In this example, we will show how to use the Java LinkedHashMap class. LinkedHashMap is an implementation of
java.util.Map interface with predictable iteration order (the order of insertion) i.e. LinkedHashMap will iterate in the order in which the entries were put into the map.
This implementation differs from
HashMap in the way that it maintains a doubly-linked list running through all of its entries. This linked list defines the iteration ordering, which is normally the order in which keys were inserted into the map. The insertion order is not affected if a key is re-inserted into the map. Performance of LinkedHashMap is slightly below than that of HashMap, due to the added expense of maintaining the linked list.
The other two important implementations of Map interface are
java.util.TreeMap. They offer mostly the same functionality. The most important difference is the order in which iteration through the entries will happen. HashMap makes no guarantee about the order. The order can even change completely when new elements are added. TreeMap will iterate according to the “natural ordering” of the keys according to their
compareTo() method (or an externally supplied
java.util.Comparator). LinkedHashMap will iterate in the order in which the entries were put into the map.
2. Example of Java LinkedHashMap
Create a java class named LinkedHashMapExample.java with the following code:
Let’s explain the above code.
First, we create a LinkedHashMap object which will hold Company name as key and its share price as value. Now we insert the (key, value) pair to the map using the map’s put method. After that, we use some of the basic methods of Map interface to retrieve/manipulate the data. Brief description of the methods is given below:
V get(Object key): This method returns the value to which the specified key is mapped, or null if this map contains no mapping for the key.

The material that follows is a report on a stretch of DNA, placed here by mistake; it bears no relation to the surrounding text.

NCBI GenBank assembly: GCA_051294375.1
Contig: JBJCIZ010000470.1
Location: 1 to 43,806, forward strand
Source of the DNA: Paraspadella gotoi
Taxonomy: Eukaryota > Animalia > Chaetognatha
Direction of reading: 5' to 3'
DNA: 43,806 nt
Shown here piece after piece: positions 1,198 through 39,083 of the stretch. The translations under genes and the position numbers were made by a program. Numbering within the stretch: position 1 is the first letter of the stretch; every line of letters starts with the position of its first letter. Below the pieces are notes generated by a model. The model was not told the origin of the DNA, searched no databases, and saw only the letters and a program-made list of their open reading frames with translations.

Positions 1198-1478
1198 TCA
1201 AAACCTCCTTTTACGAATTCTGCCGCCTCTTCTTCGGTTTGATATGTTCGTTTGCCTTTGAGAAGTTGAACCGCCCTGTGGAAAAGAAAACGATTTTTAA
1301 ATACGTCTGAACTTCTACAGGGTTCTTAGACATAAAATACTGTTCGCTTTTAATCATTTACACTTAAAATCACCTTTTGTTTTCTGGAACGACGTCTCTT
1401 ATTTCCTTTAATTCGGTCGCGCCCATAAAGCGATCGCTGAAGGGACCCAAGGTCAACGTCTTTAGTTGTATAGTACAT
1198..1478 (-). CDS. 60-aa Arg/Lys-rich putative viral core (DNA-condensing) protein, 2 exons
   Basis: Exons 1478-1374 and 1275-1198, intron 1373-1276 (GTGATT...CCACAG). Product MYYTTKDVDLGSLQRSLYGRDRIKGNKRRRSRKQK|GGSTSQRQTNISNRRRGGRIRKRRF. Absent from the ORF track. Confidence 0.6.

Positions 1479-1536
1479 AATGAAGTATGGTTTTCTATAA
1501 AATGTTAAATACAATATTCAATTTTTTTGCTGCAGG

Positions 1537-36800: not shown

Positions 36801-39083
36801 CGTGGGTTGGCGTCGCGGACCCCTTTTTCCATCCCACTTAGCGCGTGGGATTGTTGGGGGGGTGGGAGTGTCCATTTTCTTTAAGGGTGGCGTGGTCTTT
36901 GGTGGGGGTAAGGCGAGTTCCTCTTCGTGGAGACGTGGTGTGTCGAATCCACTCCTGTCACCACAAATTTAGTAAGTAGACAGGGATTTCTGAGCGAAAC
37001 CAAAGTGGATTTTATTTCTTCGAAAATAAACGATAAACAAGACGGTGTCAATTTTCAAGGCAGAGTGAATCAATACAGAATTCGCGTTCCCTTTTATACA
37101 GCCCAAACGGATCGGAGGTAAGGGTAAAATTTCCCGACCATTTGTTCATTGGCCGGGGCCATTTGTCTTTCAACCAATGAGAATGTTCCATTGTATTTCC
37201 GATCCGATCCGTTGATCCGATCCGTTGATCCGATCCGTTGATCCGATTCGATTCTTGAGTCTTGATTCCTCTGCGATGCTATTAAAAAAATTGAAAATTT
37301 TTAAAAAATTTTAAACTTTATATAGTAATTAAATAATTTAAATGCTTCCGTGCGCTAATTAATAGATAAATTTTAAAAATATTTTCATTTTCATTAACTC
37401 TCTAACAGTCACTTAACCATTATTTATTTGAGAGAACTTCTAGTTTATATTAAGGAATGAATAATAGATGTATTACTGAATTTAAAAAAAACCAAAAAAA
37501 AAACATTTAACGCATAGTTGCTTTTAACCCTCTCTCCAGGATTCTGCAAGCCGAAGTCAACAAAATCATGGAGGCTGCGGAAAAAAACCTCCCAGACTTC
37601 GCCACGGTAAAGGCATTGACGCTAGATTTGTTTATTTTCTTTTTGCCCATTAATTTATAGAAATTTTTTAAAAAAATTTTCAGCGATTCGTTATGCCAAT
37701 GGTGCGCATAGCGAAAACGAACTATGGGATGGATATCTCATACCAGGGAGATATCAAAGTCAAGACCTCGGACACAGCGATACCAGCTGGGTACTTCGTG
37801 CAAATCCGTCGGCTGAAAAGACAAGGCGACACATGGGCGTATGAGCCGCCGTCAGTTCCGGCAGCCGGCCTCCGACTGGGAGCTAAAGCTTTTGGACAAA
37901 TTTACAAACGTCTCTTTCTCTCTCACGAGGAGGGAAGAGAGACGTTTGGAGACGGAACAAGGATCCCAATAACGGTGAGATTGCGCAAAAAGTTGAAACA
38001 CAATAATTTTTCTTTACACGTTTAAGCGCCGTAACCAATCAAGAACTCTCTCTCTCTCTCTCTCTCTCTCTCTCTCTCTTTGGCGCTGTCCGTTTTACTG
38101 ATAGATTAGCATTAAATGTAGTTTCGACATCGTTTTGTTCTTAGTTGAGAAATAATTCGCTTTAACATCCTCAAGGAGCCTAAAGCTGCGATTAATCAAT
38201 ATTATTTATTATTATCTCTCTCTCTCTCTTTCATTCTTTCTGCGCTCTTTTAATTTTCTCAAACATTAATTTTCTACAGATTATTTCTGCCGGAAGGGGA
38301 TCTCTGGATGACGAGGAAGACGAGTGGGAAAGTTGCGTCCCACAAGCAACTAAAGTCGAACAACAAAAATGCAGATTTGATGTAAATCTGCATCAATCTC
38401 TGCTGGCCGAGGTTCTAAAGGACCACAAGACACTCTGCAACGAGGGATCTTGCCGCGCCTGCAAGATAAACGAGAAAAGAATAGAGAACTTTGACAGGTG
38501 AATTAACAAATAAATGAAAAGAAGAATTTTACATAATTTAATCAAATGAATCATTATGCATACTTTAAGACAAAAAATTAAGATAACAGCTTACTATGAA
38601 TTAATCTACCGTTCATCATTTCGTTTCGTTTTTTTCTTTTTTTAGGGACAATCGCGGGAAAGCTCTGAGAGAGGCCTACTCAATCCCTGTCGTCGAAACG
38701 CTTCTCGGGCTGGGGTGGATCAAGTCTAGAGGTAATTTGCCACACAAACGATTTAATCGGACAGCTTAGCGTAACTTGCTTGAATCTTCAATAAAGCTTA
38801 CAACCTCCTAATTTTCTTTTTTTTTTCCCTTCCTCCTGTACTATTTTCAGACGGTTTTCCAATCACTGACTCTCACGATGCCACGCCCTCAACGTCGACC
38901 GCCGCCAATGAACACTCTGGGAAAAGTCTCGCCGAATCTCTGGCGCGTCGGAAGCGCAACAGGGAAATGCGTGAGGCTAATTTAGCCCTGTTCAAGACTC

int size(): Returns the number of key-value mappings in this map.
boolean isEmpty(): Returns true if this map contains no key-value mappings.
boolean containsKey(Object key): This method returns true if this map maps one or more keys to the specified value.
boolean containsValue(Object value): This method returns true if this map maps one or more keys to the specified value.
V remove(Object key): Removes the mapping for the specified key from this map if present.
void clear(): This method removes all of the mappings from this map.
If we run the above code, we will have the following results:
3. Scenarios of using each implementation
If performance is critical but ordering is not, go for HashMap. If sorting is important, for example showing values in a table, sorted in alphabetical order then go for TreeMap. If a value is added in the TreeMap or removed from the TreeMap, TreeMap will make sure the table is still sorted alphabetically. If the order of insertion is important, for example showing values in a shopping cart, go for LinkedHashMap.
4. Download the source code
This was an example of how to use the class
Download the Eclipse project of this tutorial: Java LinkedHashMap Example
Last updated on Jun. 01st, 2020